Legal Ethics

Law grad who inflated resume and failed to mention speeding tickets wins conditional bar admission

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A University of Wisconsin law graduate who boosted his grades and falsely claimed he was on law review when applying for a job has won conditional admission to the state bar.

In a 4-3 decision, the Wisconsin Supreme Court admitted Joshua Jarrett to the bar provided that a licensed lawyer supervises his law practice for two years, the Milwaukee Journal Sentinel reports.

Jarrett had a grade point average of 2.72, but listed it as 2.75 on a resume submitted to the New York City Law Department during his second year of law school, according to factual findings by the Board of Bar Examiners. He also submitted an unofficial transcript that listed B grades in three courses in which he actually had a grade of B-.

The resume also falsely claimed that Jarrett was a member of the law review. Later, Jarrett sent an email to the employer saying he submitted the materials on the same day he was informed that he was not chosen for law review. He included a new unofficial transcript that inflated Jarrett’s grades even more.

The transcript inflated two B- grades to Bs, one B- grade as a B+, and one B grade to a B+. The transcript listed Jarrett’s GPA as 3.0. The law school put Jarrett on academic probation for two semesters as a result of the misrepresentations.

Jarrett’s application for bar admission admitted to the misrepresentations, but did not disclose three speeding tickets and his arrest on a bench warrant for failing to appear on two of the speeding tickets.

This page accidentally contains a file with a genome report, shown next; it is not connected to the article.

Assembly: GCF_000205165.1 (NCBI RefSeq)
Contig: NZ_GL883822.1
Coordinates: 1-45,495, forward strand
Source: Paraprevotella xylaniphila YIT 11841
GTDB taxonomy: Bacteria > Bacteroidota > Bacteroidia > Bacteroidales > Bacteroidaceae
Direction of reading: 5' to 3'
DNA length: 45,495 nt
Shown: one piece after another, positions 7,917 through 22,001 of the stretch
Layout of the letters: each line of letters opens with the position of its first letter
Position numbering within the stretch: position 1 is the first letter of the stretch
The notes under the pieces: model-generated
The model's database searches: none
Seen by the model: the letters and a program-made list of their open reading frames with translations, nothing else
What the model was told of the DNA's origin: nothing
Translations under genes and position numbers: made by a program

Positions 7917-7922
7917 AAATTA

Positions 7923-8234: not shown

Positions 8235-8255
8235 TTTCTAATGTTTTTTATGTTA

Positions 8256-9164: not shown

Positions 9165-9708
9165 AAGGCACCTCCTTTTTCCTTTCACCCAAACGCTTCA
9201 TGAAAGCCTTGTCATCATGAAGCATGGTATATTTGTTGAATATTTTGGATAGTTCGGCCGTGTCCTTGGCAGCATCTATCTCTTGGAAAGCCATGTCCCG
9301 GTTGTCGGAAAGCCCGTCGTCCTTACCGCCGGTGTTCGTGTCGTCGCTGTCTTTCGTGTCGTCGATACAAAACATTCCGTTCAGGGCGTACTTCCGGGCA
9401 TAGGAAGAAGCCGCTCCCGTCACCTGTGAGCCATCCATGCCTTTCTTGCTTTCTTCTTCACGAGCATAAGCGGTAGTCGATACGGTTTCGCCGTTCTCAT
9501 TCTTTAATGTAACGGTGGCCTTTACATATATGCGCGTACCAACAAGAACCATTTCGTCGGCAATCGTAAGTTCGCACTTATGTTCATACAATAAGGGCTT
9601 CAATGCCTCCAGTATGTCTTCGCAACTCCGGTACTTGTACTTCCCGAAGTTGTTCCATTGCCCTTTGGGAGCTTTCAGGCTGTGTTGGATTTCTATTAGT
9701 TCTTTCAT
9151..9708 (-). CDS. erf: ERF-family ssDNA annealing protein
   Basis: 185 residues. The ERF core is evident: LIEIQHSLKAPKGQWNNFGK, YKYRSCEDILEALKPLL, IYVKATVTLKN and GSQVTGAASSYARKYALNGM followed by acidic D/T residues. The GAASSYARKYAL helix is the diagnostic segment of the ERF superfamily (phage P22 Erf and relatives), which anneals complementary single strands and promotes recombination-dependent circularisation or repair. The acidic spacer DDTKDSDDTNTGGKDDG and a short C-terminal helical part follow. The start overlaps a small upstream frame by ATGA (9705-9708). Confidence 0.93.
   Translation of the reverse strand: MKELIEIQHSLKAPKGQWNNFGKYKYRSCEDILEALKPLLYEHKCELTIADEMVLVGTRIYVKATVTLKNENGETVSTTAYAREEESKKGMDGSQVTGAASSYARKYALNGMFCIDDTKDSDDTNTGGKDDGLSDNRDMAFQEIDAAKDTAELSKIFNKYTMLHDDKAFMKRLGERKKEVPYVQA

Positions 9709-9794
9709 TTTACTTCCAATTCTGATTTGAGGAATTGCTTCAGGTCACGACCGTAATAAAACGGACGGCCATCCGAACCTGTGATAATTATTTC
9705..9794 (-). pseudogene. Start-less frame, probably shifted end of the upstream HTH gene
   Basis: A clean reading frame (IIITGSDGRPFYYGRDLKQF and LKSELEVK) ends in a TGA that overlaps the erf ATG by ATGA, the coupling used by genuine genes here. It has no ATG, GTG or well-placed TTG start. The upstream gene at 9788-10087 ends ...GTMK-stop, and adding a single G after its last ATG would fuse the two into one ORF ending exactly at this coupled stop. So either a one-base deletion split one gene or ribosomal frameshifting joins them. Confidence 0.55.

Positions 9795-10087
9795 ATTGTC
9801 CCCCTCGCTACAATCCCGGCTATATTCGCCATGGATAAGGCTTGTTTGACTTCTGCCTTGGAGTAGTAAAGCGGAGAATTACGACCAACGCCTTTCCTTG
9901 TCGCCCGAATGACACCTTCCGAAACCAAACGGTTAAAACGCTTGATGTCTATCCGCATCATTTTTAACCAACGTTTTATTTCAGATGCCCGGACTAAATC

The court majority noted that since the academic misconduct, Jarrett has “completed unpaid legal internships and meaningful legal volunteer work serving economically challenged clients, has mentored students and currently works in a public trust position in Washington, D.C.” Employers and professors praise him for his work ethic, judgment and compassion, the per curiam opinion said.

“We therefore choose to exercise our prerogative and afford this applicant the benefit of the doubt,” the court said.

Three dissenters said there had been “simply too many incidents in which Mr. Jarrett considered the truth optional when it was not to his advantage.”

Jarrett told the Milwaukee Journal Sentinel in a separate story that he has learned a lesson from the “ordeal.” He currently works as an analyst for the Federal Aviation Administration.

“The court’s decision shows you can make a mistake in your personal or professional life and recover from it,” he said.

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